Drinking soda and other carbonated drinks after bariatric surgery can impede weight loss progress and cause discomfort and damage to the stomach and digestive system. This article will explore the negative effects of soft drinks after weight loss surgery and provide alternative options to quench your thirst.

Definition of a carbonated beverage: A beverage infused with carbon dioxide (CO2) that results in a fizzy sensation and unique taste. These beverages are typically combined with sweeteners, flavorings, colors, and acids. Popular carbonated drinks worldwide include soda, carbonated water, and certain alcoholic beverages.

Why can’t bariatric patients have carbonation?

Patients who have undergone procedures like gastric sleeve (VSG) or gastric bypass should avoid carbonated beverages as they can harm their bodies. The carbon dioxide causes a buildup of pressurized gas within the stomach pouch, which contributes to painful side effects such as;

In addition, most soft drinks have high sugar levels and contain empty calories, which can sabotage weight-loss efforts. Although soda provides a temporary burst of energy due to its high sugar content, it doesn’t provide a feeling of fullness. As a result, patients may continue to experience hunger and intense cravings for sugary foods even after drinking soda.

A study conducted by the Obesity Research and Clinical Practice journal linked drinking carbonated water to weight gain. In the study, 20 males were given a variety of carbonated beverages which increased their ghrelin levels significantly, causing them to feel hungier.

Some soda brands also have caffeine which can cause dehydration, water loss, and excess urination. Hydration is very important during the healing process and can also eliminate waste products more efficiently from the body.

Why can't bariatric patients have carbonated drinks_Mexico Bariatric Center

How long after surgery can patients have carbonated drinks?

Patients should avoid any carbonated beverages in the first 6 to 12 weeks after bariatric surgery, although a longer period is more beneficial toward recovery. However, quitting soda long-term ensures that the body is not deprived of any nutrients and gives them the best chance for weight loss success. This is especially important as the gastric sleeve, gastric bypass, and duodenal switch already affect nutrient absorption.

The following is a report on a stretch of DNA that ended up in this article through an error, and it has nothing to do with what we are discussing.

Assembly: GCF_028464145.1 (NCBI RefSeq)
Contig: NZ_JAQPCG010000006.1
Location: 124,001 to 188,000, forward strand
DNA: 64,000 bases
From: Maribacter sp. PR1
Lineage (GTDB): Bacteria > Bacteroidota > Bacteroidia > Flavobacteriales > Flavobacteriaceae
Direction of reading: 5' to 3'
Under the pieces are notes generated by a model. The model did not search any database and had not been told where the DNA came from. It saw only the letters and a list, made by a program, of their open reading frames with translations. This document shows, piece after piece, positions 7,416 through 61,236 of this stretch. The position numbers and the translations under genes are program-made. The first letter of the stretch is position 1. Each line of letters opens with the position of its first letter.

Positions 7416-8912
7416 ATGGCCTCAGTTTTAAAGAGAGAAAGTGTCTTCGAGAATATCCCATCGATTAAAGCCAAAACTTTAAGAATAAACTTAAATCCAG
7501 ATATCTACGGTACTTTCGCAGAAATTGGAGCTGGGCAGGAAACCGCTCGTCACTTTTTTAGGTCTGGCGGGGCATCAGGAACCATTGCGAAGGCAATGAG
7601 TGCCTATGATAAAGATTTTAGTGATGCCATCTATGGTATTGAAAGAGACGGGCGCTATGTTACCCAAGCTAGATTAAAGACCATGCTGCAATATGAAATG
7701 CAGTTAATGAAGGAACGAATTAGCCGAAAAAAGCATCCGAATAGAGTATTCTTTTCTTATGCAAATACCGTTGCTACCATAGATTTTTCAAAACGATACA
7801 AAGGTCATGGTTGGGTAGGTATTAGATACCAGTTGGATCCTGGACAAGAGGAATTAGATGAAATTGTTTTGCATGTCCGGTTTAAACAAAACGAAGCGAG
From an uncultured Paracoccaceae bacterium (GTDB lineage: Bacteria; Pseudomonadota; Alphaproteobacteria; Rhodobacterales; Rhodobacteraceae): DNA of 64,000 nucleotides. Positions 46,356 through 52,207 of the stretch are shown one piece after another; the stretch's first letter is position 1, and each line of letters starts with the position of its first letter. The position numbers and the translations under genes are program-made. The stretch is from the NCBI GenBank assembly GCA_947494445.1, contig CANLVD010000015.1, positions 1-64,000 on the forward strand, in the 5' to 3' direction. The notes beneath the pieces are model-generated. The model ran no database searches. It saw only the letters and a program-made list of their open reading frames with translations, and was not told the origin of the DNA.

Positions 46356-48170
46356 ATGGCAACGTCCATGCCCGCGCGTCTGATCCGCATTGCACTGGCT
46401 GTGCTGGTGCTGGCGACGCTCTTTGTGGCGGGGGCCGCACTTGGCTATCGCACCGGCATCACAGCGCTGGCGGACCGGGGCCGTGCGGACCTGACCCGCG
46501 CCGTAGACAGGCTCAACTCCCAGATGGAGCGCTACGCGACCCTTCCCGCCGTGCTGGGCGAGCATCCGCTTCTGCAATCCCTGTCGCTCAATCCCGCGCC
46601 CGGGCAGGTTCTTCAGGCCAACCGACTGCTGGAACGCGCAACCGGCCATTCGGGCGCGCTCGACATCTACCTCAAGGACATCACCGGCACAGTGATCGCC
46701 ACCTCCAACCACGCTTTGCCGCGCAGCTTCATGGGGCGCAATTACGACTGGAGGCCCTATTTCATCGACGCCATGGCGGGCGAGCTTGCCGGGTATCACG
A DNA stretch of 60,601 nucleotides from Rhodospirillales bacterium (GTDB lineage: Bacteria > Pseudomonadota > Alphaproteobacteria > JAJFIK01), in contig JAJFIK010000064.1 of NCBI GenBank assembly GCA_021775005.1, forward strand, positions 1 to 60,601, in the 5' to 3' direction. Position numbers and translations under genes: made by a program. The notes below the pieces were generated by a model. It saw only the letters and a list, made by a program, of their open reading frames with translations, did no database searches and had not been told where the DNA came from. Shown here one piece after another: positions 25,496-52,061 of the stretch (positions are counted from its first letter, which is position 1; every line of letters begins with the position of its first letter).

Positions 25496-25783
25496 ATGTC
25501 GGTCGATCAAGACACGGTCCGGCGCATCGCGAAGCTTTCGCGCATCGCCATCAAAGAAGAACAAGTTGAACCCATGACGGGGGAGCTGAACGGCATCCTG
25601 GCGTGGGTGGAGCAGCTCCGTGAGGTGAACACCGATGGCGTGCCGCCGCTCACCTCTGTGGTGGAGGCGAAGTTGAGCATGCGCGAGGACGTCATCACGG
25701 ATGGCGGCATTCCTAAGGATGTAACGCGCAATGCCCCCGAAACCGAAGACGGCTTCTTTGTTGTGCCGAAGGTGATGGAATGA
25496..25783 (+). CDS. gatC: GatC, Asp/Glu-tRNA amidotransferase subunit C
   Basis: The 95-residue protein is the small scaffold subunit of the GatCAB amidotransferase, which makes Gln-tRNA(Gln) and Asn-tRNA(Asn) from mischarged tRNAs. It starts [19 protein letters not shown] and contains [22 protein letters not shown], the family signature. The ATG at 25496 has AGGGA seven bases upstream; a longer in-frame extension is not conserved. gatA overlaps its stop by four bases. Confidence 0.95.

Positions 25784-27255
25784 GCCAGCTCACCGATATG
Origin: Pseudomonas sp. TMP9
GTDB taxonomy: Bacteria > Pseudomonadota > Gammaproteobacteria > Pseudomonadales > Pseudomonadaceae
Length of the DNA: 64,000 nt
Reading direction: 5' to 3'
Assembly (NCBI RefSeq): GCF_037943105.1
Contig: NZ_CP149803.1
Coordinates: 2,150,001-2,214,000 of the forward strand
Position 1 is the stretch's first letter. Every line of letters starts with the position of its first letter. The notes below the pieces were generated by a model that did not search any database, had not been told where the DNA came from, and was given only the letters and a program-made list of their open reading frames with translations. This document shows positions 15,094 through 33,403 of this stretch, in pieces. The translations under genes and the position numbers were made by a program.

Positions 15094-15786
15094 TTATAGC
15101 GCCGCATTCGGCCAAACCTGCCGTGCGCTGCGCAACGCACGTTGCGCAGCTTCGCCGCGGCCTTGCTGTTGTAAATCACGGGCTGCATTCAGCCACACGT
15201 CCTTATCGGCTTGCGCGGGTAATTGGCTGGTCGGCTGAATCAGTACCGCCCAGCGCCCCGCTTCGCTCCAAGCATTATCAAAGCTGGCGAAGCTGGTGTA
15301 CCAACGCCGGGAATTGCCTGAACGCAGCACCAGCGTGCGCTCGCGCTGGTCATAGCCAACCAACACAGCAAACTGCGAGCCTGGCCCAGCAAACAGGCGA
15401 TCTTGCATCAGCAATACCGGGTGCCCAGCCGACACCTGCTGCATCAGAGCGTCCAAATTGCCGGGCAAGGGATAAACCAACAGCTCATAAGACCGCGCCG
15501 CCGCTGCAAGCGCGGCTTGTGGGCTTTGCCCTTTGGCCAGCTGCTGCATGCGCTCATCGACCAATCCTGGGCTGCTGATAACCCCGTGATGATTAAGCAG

Soda and other carbonated drinks can also decrease weight loss after bariatric surgery. The University of Wisconsin found that soda consumption heavily impacted how much weight patients lost. Over 80% of patients who quit drinking soda after surgery achieved their weight loss goals while almost 50% of those who continued their drinking habits had unsatisfactory results.

Alternatives to Soda

  • Water – The best alternative is water because it keeps patients the most hydrated during their recovery. Adding a slice of lemon to make lemon water is also an acceptable substitute.
  • Sports Drinks– There are sugar-free sports drinks such as Powerade Zero, Vitamin Water Zero Sugar, Crystal Light, and Gatorade Zero.
  • Decaffeinated Tea or Coffee- Patients should choose decaffeinated beverages to prevent stomach irritation. There are several flavorful options for sugar-free teas, including chamomile, green tea, peppermint, chai, earl grey, and others.
  • Low-fat or Skim Milk – Some patients may not handle lactose in milk after weight loss surgery. As a precaution, take small sips to prevent any abdominal pain or diarrhea.

Alternatives to Soda-Mexico Bariatric Center

Other Beverages to Avoid

Overall, it is advised to refrain from drinking carbonated and caffeinated beverages due to their diuretic and acidic impact on the new digestive system.

Alcoholic drinks, such as champagne, ciders, beer, and cocktails, must also be avoided as they can cause acid reflux and dehydration. Alcohol, like carbonated drinks, has no nutritional value and contains empty calories. Even if alcohol was consumed before surgery, the new body might not be able to tolerate it as before.

The Stanford University School of Medicine examined the effects of alcohol after bariatric surgery by studying the reactions of 19 post-operative gastric bypass patients after drinking alcohol. The patients were found to have a higher peak and slower decline in their blood alcohol concentration. Furthermore, they experienced a decrease in lower esophageal sphincter tone and an increase in gastric emptying, leading to an increase in food intake.

To successfully lose weight after bariatric surgery, patients must be willing to adopt a healthier lifestyle. Making lifestyle changes, such as eliminating carbonated drinks or alcohol, can be challenging. However, these changes have lasting benefits.

If you have any questions about your diet after bariatric surgery, contact our registered dietitian, who can provide personalized guidance and support, or review the post-op diet guideline for more information.

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